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Series cast summary:
Paul Banks ...
 Himself (2 episodes, 1994)
Tom Gladwin ...
 Himself (2 episodes, 1994)
Alan Leach ...
 Himself (2 episodes, 1994)
Shed Seven ...
 Themselves (2 episodes, 1994)
Rick Witter ...
 Himself (2 episodes, 1994)


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Release Date:

11 April 1986 (UK)  »

Also Known As:

The ITV Chart Show  »

Company Credits

Production Co:

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Technical Specs


Aspect Ratio:

1.33 : 1
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Did You Know?


Referenced in The Noise: Episode #1.1 (1996) See more »

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User Reviews

Whilst America Had MTV, In The UK We Had The Chart Show
23 October 2007 | by (London, England, UK) – See all my reviews

Top Of The Pops was arguably the most successful, longest running and should we say popular music show on TV in Britain, whose roots originated back in the early 60s. But whilst that show was famous for its bands and artist's performances, ranging from the sublime to the uncanny, there wasn't really a TV show dedicated solely to artists' music vids. MTV was indeed an American invention, which later hit the UK via satellite and cable television and where The Chart Show differed from other music shows was the fact it didn't have a main presenter. In a way, it revolutionised and changed the way we view and watch music television and it is that in particular that we should be grateful to The Chart Show that it had done this. It showed endless streams of vids, in a decade where popular music was at its prime peak. The 80s wasn't just the MTV generation- it was a decade for new romantics, of Madonna, Michael Jackson, Prince, Hall and Oates and PWL to name. We didn't have satellite TV until 89/90. Well, in the UK that is.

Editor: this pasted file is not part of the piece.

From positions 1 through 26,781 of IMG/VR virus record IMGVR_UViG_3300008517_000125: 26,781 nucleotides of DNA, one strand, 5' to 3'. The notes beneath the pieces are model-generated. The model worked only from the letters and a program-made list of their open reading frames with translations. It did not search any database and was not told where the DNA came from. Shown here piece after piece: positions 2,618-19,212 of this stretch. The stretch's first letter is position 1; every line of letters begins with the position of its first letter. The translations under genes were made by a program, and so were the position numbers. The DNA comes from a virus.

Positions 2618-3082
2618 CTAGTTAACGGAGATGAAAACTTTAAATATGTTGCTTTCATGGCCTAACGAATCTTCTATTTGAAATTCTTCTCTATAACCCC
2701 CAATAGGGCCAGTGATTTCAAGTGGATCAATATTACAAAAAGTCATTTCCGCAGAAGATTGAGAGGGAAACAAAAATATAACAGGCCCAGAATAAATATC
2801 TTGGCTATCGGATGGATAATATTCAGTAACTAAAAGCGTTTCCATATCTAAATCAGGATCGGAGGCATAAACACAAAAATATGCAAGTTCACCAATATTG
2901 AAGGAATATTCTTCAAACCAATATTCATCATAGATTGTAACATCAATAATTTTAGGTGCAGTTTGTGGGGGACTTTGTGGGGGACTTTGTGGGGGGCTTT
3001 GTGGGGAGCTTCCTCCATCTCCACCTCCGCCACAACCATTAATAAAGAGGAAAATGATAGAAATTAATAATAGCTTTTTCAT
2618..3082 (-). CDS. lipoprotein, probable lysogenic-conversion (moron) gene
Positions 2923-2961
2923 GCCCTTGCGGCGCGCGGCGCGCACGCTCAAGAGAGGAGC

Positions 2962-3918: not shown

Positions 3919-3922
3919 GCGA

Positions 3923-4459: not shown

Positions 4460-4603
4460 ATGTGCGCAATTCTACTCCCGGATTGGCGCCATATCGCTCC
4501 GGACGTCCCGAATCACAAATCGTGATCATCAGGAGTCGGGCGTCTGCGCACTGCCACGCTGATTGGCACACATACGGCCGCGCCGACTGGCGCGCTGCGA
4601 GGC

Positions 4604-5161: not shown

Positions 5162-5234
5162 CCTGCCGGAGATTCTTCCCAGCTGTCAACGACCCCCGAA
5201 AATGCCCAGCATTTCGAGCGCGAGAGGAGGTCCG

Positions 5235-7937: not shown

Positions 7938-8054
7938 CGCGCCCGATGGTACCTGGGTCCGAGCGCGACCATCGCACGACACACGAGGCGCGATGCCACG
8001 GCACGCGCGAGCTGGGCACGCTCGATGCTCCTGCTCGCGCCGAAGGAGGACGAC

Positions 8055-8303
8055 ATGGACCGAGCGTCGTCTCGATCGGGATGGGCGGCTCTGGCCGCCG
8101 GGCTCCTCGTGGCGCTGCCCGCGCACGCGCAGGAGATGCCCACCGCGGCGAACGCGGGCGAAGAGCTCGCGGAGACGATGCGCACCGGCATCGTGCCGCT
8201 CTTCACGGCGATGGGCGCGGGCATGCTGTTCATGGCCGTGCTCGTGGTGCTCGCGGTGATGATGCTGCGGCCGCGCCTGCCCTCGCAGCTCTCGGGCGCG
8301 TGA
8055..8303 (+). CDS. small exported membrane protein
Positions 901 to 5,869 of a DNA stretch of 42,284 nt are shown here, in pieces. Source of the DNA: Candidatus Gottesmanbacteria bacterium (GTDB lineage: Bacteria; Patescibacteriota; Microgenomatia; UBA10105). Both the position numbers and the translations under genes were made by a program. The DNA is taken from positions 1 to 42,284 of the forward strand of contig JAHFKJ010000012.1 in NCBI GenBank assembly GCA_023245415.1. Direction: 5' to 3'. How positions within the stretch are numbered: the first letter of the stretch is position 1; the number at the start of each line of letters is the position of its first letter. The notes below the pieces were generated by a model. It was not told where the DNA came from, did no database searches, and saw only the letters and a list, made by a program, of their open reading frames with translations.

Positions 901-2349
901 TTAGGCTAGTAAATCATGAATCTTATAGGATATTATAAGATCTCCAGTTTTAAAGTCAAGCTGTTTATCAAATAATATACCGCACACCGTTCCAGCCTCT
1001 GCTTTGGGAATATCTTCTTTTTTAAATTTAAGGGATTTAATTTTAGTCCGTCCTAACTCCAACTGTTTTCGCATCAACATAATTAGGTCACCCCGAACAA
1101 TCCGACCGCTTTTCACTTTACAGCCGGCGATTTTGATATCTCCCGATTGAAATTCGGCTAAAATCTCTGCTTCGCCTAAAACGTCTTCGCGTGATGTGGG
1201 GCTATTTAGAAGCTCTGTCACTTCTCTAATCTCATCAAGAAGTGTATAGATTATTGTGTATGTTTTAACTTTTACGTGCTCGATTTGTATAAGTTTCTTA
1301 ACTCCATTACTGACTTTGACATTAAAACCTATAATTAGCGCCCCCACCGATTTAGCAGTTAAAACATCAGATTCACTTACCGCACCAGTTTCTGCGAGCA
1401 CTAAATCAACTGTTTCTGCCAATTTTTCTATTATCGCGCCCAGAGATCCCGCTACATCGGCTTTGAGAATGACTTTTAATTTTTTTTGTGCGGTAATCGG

The programme concept of The Chart Show was it would show past and present videos and then towards the end of the programme there was the week's top ten. The programme rounds up by showing preview clips of upcoming music vids yet to be released. Since The Chart Show's demise on terrestrial TV, the music scene has suffered tremendously as a result and thus, with the state of music programmes today and the music scene in general, it has since recently declined in twofolds.

Even though I quite liked TOTP, The Chart Show remains a huge favourite of mine, simply because it succeeded in showing quality music vids and in showing them in a way that was easily accessible to us as the public. Back then, unless you had MTV, you had no other alternative but The Chart Show when it came to viewing music videos.

When it ended, I was so disappointed- having said that I do think the music scene at the time towards the end of the 90s partly contributed to its loss. When the quality of the music in the charts declined, so did the videos and so the unfortunate thing had happened and hence, The Chart Show was taken off the air.

Still, The Chart Show will always be a cult favourite with retro music fans such as myself. Thus, long live The Chart Show!

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